Terry Wogan’s Those Were the Days is described in the publisher’s blurb as a collection of “tales of love, loss and friendship from a national treasure.”
The reader is invited to join Tom, who is boss of the rather oddly-titled Cattle Market bank branch, “for a bite to eat and a glass or two of wine.” Tom reminisces about the places he has been, the people he has met and the slow climb from humble bank clerk to Branch Manager. Wogan himself once worked as a clerk in an Irish bank, presumably the inspiration for at least some of the stories in the collection, which is published by Pan Macmillan.
Wogan described the BBC as “the greatest broadcaster the world has ever seen" in a recent interview conducted at the Cheltenham Book Festival. "If this country ever allows it to be diminished, we will regret it," he told his audience. “The BBC has always been between a rock and a hard place.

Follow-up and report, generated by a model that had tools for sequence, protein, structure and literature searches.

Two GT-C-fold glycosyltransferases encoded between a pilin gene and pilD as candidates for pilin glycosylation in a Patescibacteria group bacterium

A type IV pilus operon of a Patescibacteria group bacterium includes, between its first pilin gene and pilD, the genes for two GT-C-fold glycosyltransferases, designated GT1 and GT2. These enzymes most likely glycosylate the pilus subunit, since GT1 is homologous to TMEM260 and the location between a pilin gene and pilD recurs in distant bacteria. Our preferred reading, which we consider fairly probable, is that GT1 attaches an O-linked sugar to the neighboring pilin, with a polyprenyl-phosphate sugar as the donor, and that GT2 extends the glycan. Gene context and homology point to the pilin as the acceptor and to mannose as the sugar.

“It has to provide the very best in culture and the arts at the very highest level. At the same time it’s expected to produce light entertainment - the same kinds of things as Strictly Come Dancing - and it’s an almost impossible brief to fulfil, but they’ve done it brilliantly for hundreds and hundreds of years.”
He readily acknowledged that viewing habits had changed radically, and as a result it would be “very difficult for the BBC to continue to say everybody has to pay the licence fee. Not that the licence fee isn’t worth it - it's the best value in broadcasting."
The veteran broadcaster has no plans to retire just yet. "That’s the thing about this business. If I stayed in the bank I’d have been retired about 25 years ago and here I am still clinging to the wreckage."